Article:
Playwright: Barbara Lhota, based on the comic strip by Russell Stamm
At: Babes With Blades Theatre, Company at the Factory, 1623 W. Howard St. Tickets: $25. Runs through: Oct. 14
Sorry, Wonder Woman, but your long-lost older sister is back to resume her place in superherstory. Russell Stamm's comic strip focusing on the adventures of a scientist's daughter turned crime-fighter after a laboratory mishap renders her the power of invisibility made its debut on June 3, 1940, in the Chicago Timesa full year before the arrival of an immigrant princess out of Greek myth.
To be sure, Scarlet O'Neil was slow in acclimating to her extraordinary abilities, having no role models to educate her. Indeed, her father, fearing the government commandeering her skills for war weapons ( as it did nuclear fission ), warns her against revealing her "special" capabilities. Little do they suspect that one of his assistants has already been recruited by the Soviet Union to perfect a lipstick permeated with psychotropic dye reducing the wearer to robot-like obedience. Five years later, Scarlet is a cub reporter at Chicago's City Times, where bizarre reports are circulating of women diving into the lake fully clothed. Further complicating matters is a social environment increasingly unsupportive of women in the workplace, forcing Scarlet and her fellow journalists to fight not just for justice, but writing credit as well.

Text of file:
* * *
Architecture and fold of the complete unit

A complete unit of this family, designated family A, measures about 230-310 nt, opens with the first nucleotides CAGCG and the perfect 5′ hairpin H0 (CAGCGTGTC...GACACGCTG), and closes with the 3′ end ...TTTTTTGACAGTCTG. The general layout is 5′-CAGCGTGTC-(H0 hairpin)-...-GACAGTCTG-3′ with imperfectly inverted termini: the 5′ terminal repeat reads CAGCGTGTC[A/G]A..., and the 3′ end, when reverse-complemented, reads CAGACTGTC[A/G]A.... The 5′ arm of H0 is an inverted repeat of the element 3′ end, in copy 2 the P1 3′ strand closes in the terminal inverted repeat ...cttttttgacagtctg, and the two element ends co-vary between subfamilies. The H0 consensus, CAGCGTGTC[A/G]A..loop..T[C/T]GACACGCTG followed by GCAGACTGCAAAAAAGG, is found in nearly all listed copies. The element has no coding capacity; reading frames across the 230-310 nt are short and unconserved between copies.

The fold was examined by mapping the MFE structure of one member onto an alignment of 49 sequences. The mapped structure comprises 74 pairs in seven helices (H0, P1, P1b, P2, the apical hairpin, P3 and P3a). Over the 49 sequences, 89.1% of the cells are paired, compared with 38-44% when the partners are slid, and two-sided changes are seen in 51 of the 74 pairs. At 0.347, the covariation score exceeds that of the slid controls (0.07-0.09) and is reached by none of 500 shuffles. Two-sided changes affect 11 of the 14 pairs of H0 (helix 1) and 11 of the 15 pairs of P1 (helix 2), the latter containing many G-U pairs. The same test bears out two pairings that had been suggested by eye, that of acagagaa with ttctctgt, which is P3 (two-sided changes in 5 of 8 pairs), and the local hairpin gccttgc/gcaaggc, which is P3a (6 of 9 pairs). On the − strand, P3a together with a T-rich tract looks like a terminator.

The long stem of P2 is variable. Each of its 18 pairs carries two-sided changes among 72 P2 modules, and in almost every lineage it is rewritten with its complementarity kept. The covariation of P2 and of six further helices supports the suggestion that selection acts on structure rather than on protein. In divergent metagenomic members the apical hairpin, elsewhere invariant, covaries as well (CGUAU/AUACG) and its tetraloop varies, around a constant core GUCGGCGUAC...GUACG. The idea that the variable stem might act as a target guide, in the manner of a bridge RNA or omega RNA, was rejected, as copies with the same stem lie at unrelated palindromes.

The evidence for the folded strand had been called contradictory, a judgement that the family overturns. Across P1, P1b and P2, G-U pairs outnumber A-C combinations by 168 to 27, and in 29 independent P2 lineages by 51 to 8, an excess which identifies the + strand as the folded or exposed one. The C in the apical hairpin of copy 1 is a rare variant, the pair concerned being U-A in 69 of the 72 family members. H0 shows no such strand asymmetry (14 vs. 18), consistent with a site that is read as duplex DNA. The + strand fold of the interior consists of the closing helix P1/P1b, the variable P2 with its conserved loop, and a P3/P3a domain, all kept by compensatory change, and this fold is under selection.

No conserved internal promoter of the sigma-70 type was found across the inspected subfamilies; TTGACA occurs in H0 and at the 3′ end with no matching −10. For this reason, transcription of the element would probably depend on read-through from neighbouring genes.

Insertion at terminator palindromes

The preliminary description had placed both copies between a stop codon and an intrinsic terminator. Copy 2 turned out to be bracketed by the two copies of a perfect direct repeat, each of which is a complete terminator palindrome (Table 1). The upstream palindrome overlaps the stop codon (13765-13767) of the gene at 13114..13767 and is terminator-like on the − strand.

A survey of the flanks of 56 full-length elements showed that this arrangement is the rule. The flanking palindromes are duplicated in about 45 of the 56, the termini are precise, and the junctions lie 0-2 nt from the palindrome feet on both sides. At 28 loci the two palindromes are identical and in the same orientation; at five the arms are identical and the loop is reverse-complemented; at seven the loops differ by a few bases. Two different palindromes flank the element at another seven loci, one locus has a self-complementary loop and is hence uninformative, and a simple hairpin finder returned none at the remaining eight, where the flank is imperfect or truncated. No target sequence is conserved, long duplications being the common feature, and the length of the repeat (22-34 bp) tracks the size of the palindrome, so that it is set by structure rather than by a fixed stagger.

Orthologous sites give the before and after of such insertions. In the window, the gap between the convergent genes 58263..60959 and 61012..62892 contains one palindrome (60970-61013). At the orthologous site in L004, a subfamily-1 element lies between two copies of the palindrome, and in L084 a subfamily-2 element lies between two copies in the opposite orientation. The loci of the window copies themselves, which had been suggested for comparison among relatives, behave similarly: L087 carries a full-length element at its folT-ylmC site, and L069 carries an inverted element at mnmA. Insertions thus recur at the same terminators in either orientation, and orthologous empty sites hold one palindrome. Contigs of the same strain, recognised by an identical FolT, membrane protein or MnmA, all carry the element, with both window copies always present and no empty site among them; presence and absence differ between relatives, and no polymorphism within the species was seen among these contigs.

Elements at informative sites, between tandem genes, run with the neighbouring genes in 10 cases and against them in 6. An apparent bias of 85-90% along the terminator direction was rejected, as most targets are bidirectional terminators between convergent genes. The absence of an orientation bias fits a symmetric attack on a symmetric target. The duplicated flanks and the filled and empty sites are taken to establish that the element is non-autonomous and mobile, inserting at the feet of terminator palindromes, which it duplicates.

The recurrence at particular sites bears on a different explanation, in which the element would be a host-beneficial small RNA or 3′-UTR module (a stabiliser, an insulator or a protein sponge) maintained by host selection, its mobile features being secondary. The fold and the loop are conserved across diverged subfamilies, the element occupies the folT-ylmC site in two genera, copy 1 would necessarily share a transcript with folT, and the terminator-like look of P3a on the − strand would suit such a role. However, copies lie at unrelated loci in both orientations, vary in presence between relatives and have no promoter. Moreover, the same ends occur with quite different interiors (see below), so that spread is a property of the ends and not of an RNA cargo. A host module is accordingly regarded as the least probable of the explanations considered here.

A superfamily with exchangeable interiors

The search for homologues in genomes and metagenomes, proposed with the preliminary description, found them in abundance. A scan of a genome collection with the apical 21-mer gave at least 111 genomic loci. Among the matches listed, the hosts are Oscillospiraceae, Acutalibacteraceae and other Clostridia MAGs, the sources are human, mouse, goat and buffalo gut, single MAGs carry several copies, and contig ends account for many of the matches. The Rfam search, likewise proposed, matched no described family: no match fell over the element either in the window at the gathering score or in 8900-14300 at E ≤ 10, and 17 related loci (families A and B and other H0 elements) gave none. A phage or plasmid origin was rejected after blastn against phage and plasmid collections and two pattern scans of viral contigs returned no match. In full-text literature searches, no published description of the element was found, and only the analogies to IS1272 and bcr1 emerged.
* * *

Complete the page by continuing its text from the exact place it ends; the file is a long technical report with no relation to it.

Saving the world from enemy aggression is a stroll through the funny-pages compared to translating print-graphic narrative to live-action performance, making technical effects arguably the real star of this Babes With Blades production. These include the projections of G. Max Maxin IV, whose caption boxes, thought balloons and onomatopoeic inserts compress expository information into mere seconds. Likewise contributing to the wizardry are the smart UV-reactive career-girl suits, tailored by costumer Kimberly G. Morris, that allow us to "see" our discorporeal champion, along with solitary adversaries trading punches and grapples with empty air under the instruction of combat designer Libby Beyreis.
This isn't to slight the human actorsnot in a dramatic universe populated by newshounds lifted straight from The Front Page, buffoonish villains like the scheming Evanna Keil and malapropism-spouting Judy Butafuco, a pair of flinty dowagers ( played with scene-stealing aplomb by Lynne Baker ), a movie star-turned-physicist ( Lisa Herceg doing her best Christine Baranski impression ) and a smart little girl with a dogalong with a few inconspicuous males. The results deliver a last taste of frivolous fantasy fun before a weighty fall season.